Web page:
About 12 years ago, we had a doctor who specialized in endoscopic medicine, and performed biopsies on cancerous tissue on a weekly basis. He was dismayed that when talking to native English speakers, he was unable to be understood. This was corrected by moving away from the Latin and Greek that his words were based off of, and converting them into English.

For the sake of clarity, endoscopic became “inside looking”, and biopsy became “living medical examination or inspection”. Many more people began to understand what he was talking about, and therefore held a higher opinion of him.

How Do I Teach Participal Adjectives?

Participial Adjectives confuse even the best English speakers, so it’s understandable that they are nearly incomprehensible for Japanese learners of English. As a teacher, I still have difficulty understanding the difference between the usage of “bored” and “boring”. A handy trick to remember is that adjectives ending with -ed often represent a feeling.

Additionally, when teaching the -ing forms it is best to avoid the verb meanings, as they confuse the student. A school that I once worked at had a teacher attempt to teach “boring” by using an auger on a piece of wood, which resulted in the student – a carpenter by trade – to associated “boring” with “exciting”.

When teaching the participal adjectives, teach them in pairs. The teacher performs an action that is represented by -ing, and the student explains their emotion in terms of the matching -ed form. For example, the teacher crawls under the desk while they have the student pretend to watch television. Maneuver your head between their legs and the table, and look up at them. The student should exclaim “I am surprised! This situation is surprising!”. Switch and repeat the exercise. For exciting/excited, have the student hold a balloon and dance while you clap. Avoid teaching pleasuring/pleasured.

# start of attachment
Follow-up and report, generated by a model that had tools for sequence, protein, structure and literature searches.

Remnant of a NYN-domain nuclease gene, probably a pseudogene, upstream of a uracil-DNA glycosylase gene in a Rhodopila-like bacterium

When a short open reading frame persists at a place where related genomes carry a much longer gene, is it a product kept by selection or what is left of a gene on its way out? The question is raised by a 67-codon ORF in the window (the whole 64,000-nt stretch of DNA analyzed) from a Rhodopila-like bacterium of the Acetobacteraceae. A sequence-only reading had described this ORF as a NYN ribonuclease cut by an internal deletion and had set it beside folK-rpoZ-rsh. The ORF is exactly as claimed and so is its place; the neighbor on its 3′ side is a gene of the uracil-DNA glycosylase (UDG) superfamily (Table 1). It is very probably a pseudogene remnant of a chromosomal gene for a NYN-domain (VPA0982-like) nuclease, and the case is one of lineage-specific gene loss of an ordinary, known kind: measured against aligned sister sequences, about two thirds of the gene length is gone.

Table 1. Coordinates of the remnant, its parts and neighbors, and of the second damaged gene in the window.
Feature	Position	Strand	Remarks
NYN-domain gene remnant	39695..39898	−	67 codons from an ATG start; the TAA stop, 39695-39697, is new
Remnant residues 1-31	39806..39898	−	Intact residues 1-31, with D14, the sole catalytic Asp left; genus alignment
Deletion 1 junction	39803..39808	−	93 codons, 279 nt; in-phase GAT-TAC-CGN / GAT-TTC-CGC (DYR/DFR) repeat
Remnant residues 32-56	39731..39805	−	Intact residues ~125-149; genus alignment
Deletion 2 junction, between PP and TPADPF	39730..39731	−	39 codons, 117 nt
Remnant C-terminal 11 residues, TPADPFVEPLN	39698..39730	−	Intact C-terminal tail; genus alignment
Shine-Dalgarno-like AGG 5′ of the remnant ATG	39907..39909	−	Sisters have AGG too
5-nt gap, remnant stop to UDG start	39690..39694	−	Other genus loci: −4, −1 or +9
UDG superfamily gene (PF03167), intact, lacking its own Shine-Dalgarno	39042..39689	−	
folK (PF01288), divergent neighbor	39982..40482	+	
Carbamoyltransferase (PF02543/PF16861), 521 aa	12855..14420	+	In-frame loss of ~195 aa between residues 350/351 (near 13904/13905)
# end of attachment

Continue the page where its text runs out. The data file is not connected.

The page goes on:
Let the student know that not all adjectives follow this pattern. There are pairs such as scary/scared, comfortable/comforted, and delightful/delighted that should be learned separately.

How Do I Teach Children?

Teaching children is no simple task, and is even more complicated when teaching them in a foreign language. Not only do children have different needs than their adult counterparts, but also cry much more frequently than adults. As much as being chosen last or being laughed at by the teacher is enough to reduce the child to tears. Rather than placing the child in the Crybaby Corner and using them as an example of bad behavior, the teacher should realize the different needs and embrace them.

Children should be rewarded for good behavior with stickers, almonds, cashews, and gum. Children who have bad behavior should receive more stickers than the well behaved students to encourage them to be better.
At ages under 6, having winners and losers can be detrimental to the child’s self-esteem. Losers will clam-up and not want to participate, so it is a good idea to always have the teacher be the loser. That way, later in life they have reason to associate foreigners with failure. For children between the ages of 7 and 12, splitting up teams based on gender works well, as the natural hatred of the opposite sex burns brightly at this age. If there are uneven numbers of male and female students in the classroom, move the most effeminate boys to the girls team or butchy girls to the boys team accordingly.

After 13, hormones kick in and the students will not participate well in front of the opposite sex. Alternate having one sex sit in the hallway during the lesson to maximize teaching ability. If any student is too embarrassed to speak, find an embarrassing flaw about them and remind them that their English ability isn’t as bad as the flaw. They will realize that it isn’t what is in their mind that matters, but what can be visibly observed by others.
After 18 the children are no longer children, but in Japan the age of consent is 14. Plan accordingly.